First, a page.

1. Elected and agency officials only work for you if you put them to work.
Government and its policies, at every level, impact virtually every enterprise: health care, education, workforce development, banking, and the green economy, among many. Being unaware of or unengaged in the political process results in substantial missed opportunities for both you and the policy maker.
2. A handshake still rules.
Despite the rise of social media and e-mail, no electronic form of communication comes close to the power of a face-to-face meeting with an elected or agency official.
3. Take the long view.
Government affairs is a repeat business based on existing relationships. New programs, funding, and business opportunities are created all the time. Your goal is to be “top of mind” when this happens.
4. Before you tell them what’s wrong, tell them what’s right.
Always start a meeting by reviewing your company’s:
– History of working with the official’s constituents or client base,
– Overview of current projects or proposals, – Focus, – Size (your budget, staff, and subcontractors),
– And relationships in the elected official’s district.
5. It’s not the more the merrier!
Craft your meetings with elected officials around one or two specific, attainable, and compelling goals. Don’t make a shopping list!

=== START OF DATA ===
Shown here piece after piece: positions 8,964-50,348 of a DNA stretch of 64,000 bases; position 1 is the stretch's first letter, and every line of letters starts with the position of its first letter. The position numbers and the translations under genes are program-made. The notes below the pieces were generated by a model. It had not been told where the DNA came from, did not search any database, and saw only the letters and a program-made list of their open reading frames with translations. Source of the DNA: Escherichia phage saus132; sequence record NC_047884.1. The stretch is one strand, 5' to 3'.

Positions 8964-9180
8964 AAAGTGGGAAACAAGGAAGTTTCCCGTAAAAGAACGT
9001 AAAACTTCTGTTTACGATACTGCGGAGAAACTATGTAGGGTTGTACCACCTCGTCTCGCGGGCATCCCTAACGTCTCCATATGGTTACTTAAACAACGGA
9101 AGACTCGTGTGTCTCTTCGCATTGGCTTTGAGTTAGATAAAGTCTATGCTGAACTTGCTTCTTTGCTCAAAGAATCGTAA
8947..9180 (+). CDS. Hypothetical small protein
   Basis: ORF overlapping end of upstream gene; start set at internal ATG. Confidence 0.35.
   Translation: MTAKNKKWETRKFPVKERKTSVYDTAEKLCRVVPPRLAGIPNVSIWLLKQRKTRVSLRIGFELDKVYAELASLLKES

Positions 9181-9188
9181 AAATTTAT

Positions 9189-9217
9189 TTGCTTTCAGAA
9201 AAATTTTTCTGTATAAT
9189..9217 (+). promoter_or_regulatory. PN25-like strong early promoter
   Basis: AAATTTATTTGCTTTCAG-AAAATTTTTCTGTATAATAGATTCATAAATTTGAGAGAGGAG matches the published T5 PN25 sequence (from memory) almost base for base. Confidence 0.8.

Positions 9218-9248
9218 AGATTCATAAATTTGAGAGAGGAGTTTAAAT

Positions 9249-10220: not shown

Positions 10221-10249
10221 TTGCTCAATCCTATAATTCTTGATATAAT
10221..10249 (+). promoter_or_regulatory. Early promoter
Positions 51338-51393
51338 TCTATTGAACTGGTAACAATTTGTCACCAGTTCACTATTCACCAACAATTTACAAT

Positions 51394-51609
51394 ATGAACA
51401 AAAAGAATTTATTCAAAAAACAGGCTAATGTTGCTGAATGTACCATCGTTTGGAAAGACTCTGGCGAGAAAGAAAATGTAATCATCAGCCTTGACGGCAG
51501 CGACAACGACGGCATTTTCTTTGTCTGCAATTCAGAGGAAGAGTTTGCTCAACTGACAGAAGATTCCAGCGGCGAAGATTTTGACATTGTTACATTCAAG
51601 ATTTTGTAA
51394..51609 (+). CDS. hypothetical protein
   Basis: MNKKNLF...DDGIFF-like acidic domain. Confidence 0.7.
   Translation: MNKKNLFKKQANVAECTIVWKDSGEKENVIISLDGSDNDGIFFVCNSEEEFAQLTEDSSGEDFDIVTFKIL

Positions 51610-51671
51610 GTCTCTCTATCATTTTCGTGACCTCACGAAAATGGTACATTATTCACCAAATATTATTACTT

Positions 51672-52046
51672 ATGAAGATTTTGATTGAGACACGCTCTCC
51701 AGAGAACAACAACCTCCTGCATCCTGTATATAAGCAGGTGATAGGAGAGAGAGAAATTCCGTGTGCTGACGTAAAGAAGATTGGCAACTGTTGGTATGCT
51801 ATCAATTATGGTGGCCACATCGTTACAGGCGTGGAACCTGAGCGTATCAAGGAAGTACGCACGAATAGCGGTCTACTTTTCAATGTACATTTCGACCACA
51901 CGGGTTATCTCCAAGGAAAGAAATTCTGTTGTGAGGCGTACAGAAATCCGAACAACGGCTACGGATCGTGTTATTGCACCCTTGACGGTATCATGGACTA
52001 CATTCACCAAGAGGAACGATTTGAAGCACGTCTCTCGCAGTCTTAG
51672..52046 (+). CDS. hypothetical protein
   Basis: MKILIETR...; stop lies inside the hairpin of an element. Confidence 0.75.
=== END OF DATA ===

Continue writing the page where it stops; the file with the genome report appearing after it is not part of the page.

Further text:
6. Your credit-worthiness is being judged.
Elected officials, like your loan officer, judge your credit (also known as political capital). The key to building political capital is to:
– Show off your company’s specific accomplishments; – Provide proof that what you’re saying is true (facts, statistics, etc.);
– And highlight your community connections.
7. Be honest.
Be prepared to answer any and all questions about your topic, or bring someone with you who can. If you don’t know the answer to a question asked by an elected or agency official, say you don’t know and offer to follow up with staff.
8. Be considerate.
Answer questions simply and clearly; do not go on ad nauseam.
Treat staff person(s) with respect and courtesy. Show up five minutes early but expect to wait.
9. Don’t be shy.
Did the elected/agency official use an acronym you don’t know? Ask. Do you have questions about how a particular program works? Ask. She will be more than happy to answer.
10. In the end, Mom was right.
A timely, genuine, and specific thank-you letter should follow any meeting with an elected/agency official. Address the letter to the official, but send it, electronically and in hard copy, to the staff who attended the meeting.